As the financial sector moves into a period of normalisation, Kieran sees a “new era” of improved liquidity while the Finance team is also advising on some significant regulatory changes that are around the corner as authorities aim to reduce the likelihood of another financial crisis occurring on the same scale.

He said: “The banks’ regulator the Prudential Regulation Authority now requires certain of the larger banks to separate, or ring-fence, certain core banking services critical to individuals and small and medium-sized enterprises from wholesale and investment banking services.

“This is a significant reform which must be implemented by the end of January next year and on which Arthur Cox is assisting a number of the UK’s best-known financial institutions in preparation for the changes.”

An increase in alternative lending meanwhile, and a growing appetite within local banks for new lending across most sectors, including development finance for the property market, is increasing liquidity and potentially staving off what had appeared to be turning into a potential “liquidity crisis”, Kieran added.

“The local banks are noticeably more active and competition for new business is definitely on the rise again with new lending products coming to the market to support property development.  We are also seeing strong levels of interest in asset-based lending from alternative lending platforms and even private investors.

“These alternative lenders will make available specific lending products, normally where there is a tangible asset offered as security such as a real estate asset.  Private investors are also seeing some asset-based lending projects as providing a better return than a deposit account with a bank.

“This increase in available liquidity is to be welcomed as it should help sustain and drive growth in Northern Ireland.”

Whilst the increased liquidity is a positive development, Kieran remains cautiously optimistic about the future of the financial market in Northern Ireland.

He added: “An increased available liquidity in Northern Ireland needs to be underpinned by a healthy pipeline of transactional activity. At the moment, the political stalemate at Stormont and the constitutional uncertainty with Brexit has cast a shadow over the appetite of some buyers, sellers and investors in Northern Ireland which, in turn, means that the available liquidity is not being utilised to the extent that it could be.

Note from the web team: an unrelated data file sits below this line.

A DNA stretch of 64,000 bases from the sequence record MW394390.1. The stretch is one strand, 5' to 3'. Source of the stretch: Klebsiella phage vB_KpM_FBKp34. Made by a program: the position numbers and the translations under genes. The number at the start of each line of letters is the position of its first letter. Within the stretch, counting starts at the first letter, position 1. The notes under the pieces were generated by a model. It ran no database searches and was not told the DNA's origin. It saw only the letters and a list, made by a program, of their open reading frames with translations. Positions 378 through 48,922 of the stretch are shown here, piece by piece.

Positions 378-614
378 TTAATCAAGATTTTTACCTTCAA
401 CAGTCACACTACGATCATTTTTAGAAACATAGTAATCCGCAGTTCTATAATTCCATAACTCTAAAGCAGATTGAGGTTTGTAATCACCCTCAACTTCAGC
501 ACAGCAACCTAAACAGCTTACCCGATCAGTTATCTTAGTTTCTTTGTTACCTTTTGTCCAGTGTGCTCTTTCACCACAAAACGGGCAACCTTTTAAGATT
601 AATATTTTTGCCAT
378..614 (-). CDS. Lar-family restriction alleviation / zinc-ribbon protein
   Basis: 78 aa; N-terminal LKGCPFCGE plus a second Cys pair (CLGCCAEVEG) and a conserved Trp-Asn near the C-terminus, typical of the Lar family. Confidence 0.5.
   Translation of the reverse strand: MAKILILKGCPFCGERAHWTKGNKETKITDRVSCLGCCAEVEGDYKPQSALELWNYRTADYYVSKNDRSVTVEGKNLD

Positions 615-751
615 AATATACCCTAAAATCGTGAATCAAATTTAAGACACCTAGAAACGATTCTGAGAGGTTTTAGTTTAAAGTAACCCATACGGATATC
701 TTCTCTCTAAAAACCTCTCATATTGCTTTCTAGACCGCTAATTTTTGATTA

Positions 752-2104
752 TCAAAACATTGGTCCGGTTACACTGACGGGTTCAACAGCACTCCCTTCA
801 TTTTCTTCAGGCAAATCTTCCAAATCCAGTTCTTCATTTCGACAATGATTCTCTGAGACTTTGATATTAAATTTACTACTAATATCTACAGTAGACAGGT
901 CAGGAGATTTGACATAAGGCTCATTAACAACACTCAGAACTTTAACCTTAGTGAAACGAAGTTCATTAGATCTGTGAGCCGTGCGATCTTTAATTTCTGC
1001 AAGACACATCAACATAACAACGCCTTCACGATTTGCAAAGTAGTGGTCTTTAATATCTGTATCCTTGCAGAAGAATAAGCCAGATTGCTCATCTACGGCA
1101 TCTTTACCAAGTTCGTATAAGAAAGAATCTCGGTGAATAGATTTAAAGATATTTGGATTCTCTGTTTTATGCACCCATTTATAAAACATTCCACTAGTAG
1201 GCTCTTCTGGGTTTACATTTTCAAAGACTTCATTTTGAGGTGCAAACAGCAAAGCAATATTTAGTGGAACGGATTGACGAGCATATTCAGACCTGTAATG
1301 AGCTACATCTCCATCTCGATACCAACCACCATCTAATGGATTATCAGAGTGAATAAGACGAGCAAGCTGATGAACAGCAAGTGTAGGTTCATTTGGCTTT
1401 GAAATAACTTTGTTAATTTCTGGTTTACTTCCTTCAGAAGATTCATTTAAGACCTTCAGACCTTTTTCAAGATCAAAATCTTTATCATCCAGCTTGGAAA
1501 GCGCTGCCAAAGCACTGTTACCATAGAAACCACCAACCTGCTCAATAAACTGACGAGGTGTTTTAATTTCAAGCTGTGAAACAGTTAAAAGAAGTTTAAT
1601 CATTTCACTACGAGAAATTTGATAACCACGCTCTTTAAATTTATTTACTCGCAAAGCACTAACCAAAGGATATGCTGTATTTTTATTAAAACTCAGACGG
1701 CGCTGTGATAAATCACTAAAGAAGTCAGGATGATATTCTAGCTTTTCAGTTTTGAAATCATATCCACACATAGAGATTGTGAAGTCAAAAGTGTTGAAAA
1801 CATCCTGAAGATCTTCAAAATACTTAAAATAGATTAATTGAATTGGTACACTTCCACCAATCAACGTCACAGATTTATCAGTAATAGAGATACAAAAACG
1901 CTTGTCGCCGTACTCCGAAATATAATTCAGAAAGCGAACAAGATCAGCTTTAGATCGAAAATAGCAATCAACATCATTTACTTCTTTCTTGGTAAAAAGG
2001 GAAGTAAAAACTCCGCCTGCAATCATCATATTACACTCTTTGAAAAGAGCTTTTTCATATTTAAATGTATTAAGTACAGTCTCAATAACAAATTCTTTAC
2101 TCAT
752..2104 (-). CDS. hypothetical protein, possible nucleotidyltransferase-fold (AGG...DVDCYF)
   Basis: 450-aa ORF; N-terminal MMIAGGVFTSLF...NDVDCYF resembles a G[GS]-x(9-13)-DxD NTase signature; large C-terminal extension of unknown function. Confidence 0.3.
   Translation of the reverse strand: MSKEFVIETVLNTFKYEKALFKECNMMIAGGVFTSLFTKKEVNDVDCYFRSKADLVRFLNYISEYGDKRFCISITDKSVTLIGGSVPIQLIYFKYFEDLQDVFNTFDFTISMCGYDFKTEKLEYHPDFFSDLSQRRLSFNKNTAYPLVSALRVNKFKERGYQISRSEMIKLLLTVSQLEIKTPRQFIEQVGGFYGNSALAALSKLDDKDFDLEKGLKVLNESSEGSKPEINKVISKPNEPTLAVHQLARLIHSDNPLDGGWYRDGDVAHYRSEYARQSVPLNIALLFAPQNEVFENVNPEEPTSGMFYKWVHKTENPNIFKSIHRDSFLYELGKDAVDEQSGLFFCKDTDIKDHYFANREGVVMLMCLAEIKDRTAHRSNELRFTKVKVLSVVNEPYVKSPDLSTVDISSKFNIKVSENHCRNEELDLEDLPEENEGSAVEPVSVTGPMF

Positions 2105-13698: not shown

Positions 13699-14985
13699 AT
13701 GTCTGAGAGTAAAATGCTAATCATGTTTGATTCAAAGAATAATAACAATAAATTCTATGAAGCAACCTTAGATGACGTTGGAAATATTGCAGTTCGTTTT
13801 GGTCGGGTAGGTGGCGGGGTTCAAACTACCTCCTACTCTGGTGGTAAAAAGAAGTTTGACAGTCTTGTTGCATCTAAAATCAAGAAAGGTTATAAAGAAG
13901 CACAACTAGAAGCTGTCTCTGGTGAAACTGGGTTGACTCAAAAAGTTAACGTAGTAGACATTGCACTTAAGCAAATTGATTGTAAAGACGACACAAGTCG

“There are also some sector specific challenges in construction, as a result of the demise of Carillion and the administration of Lagan Construction. Also, in commercial property investment, the attempts by retailers to vary their rental covenant through a Company Voluntary Arrangement is causing some lenders to look closely at existing and new commercial investment lending as the rental covenant is normally the key focus for a lender when funding such an investment.”

As the financial market continues to evolve, Kieran envisages further expansion of the Finance group at Arthur Cox.

“We are always looking for young talented lawyers as we continue to build our team of Associates and Partners.

“There are definitely some challenges ahead for us in Northern Ireland, however we will continue to remain at the forefront of any developments as we service clients across all sectors.”

As one of the foremost law practices in Northern Ireland, Arthur Cox employs more than 90 people at its Belfast office for which it provides a full-service offering meeting the requirements of its international client base.

In addition to the Finance team, the firm provides legal advice in corporate and commercial, employment, litigation and dispute resolution, energy and property.

  • The Finance Team at Arthur Cox is well positioned to advise businesses on the impact of emerging trends in the sector and on any aspect of banking and finance law in Northern Ireland. Call +44 28 9023 0007 for further information from Kieran, or your regular Arthur Cox contact.

Belfast Telegraph